She had a very pleasant voice, sweet and resonant, pure, as a child’s voice should be. And she loved to sing. Even this, the tutor could see, was hopeless, and he dismissed Helen long before the lesson was meant to be over. Just as she had done to her nurse, she skipped from the room without a word to him.
In an open-walled corridor leading out to a spacious and well-tended courtyard, Helen ran into her sister. She ran to her. “Have you heard yet, Clytemnestra? Father will be home today.”
Clytemnestra, eleven years old and therefore much wiser and more composed than Helen, smiled at her little sister’s excitement. “Yes, I have. It is the news of the day, it seems. But where are your sandals?”
Helen looked at her feet, then back at her sister’s waiting eyes, and admitted with the slightest feeling of guilt, “I forgot again.”
“You’re impossible. I always remembered my sandals, even when I was younger than you are. The bottoms of your feet will be irreversibly rough by the time you’ve seen ten summers.”
Helen stuck out her tongue, although she knew she shouldn’t. “Some people think other things are more important.”
But when Clytemnestra held her hand out, Helen took it and allowed her to lead her back to her bedroom, where the nurse had laid her sandals out by the foot of the neatly made bed. With Helen sitting on the edge, Clytemnestra helped her tie the laces around her ankles.
Helen leapt up the moment it was done. “Now you have to do something I want,” she demanded.
Hands on hips, Clytemnestra laughed and said, “Just until lunchtime. Being up all night makes me hungry.”
“You didn’t sleep either, then?” Helen caught on eagerly.
Clytemnestra stiffened for a moment, then relaxed her shoulders with visible effort. “My neck hurt, that’s why. I couldn’t manage a comfortable position. I might need new pillows. Come on, what is it you want to do? You want me to go outside with you, am I right?”
Helen frowned. Her sister did tend to demur, rarely revealing much emotion at all, but this was different. This was about Tyndareus. Although Helen never could find a reason for it, she grew more and more certain that their father was, most of the time, distant and strained in his relationship to his older daughter. The nurse had told her that it began when their mother died. When Helen had suggested, “Because he misses her?” the nurse said no more.
“Let’s go,” Clytemnestra urged. “I’ll bet the sea is your favorite color by now. It’s a bright day.”
“For now,” Helen responded. She frowned again, a distinct frown from the last. She hurried out onto the balcony again. Shading her eyes from the sun’s reflected light, she scanned the sky to find the dark storm clouds slightly larger than she remembered. They were coming closer, but the sails of her father’s ship were still a long way off the shore. Closing her eyes, she concentrated very hard on her thoughts, and sent a message.
“Zeus, please delay the storm until after Father is home. Then you can rain twice as hard if you want.”
Her eyelids flew open. She grabbed Clytemnestra’s hand and pulled her along, shouting, “Come on! We have to make an offering to Poseidon!”
“What for?” her sister wondered – but Helen, focused on her task, did not stop to explain. Clytemnestra did not ask again, but let Helen drag her outside the palace walls, all the way to the end of the dock where the king’s ship would come in.
Without hesitation, Helen gripped a few strands of her hair and yanked them from the top of her head. She held them over the dock’s edge and waited for the wind to blow toward the ocean. In the mirrored sunlight, the light golden strands shimmered. She watched them while she waited, her hair held out over the water. The wind, slight though it was, shifted, now blowing from behind. Helen released her offering, watching it fall onto the sea’s surface. That spot became bright and choppy for a moment before settling down to the same level of calm and light as the rest of the water.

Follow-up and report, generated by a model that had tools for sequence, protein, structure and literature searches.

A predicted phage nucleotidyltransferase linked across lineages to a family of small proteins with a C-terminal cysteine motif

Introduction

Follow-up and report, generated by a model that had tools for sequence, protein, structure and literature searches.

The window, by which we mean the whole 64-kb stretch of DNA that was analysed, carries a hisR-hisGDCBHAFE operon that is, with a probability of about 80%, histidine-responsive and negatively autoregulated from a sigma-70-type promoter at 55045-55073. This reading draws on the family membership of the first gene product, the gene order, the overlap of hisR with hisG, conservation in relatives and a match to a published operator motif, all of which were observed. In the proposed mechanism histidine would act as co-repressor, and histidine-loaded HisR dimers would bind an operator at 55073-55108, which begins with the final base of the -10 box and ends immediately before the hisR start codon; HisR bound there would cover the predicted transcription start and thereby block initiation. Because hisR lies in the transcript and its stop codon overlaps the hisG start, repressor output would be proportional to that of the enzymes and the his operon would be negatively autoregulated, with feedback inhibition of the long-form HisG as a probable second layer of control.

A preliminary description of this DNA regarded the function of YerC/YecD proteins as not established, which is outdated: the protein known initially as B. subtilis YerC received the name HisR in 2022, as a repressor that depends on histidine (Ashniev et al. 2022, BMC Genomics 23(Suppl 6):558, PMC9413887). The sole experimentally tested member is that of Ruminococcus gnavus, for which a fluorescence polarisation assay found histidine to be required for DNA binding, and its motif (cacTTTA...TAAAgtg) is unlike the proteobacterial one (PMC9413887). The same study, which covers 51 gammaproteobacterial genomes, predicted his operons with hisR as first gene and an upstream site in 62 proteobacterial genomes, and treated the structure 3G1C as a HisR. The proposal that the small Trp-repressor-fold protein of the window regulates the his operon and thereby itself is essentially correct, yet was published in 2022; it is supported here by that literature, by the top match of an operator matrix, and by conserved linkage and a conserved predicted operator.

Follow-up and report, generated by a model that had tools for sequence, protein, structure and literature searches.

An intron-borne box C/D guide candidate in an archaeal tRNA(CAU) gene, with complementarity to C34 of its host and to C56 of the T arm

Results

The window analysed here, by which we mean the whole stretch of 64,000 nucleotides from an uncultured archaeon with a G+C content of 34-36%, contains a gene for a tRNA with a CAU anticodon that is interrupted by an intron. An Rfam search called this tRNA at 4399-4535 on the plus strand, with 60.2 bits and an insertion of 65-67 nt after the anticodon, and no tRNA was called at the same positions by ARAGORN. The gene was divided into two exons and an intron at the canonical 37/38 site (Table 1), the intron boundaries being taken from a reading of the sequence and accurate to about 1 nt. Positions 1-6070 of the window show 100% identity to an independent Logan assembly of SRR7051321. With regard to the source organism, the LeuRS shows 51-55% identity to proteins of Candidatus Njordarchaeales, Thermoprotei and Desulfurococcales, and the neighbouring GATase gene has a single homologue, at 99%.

“Did you see that?” Helen exclaimed.
“Yes, I did, and you know that your nurse wouldn’t be happy if she saw you pulling your hair out. Lucky for you I’m not going to tell her.”
Clytemnestra seemed to have missed what she meant, and therefore had not seen what Helen saw. She did not try to tell her about the light, knowing that her sister would only attribute the sight to her imagination. Instead, she grumbled, “I don’t see why I need a nurse. You don’t have one.”
“I don’t have a nurse because I’m old enough to take care of myself, and I do – as much as is necessary,” Clytemnestra answered with an incredibly knowing tone. “If you didn’t have a nurse, you would never change from your shift into your day dress in the morning – and I doubt you would mend the hole in your own garment for tonight.”
“I could manage just as well as you,” replied Helen, not pouting, but a bit resentful. “I can do all of those things myself.”
“I know you can, Helen, but you wouldn’t. You’re unfocused, head lost in the clouds most of the time, singing as a siren and seeing swirling lights in the water… taking care of yourself requires a practicality that you lack entirely. I don’t mean it as an insult. It’s simply the way you are.”
Helen was silent for a minute. She could not see her father’s ship from there, but she knew from which direction it would come, and she kept her eyes on that part of the horizon. If she concentrated hard enough, perhaps the ship would arrive more quickly. She closed her eyes and could not tell if the wind began to blow a little harder.
As it so often did, time proved Helen’s enemy. She spent the entire day in agony of waiting, constantly distressed to find that the sun had barely moved at all since the last time she looked. When it was time for lunch, she could barely sit still to eat – not that she had much of an appetite. By then, the ship was so close that it seemed to be just beyond her reach when she stretched her arm out from her balcony. She found herself nearly wailing with frustration, but in a largely unsuccessful effort to appear composed, she forced herself to settle for murmuring and grumbling.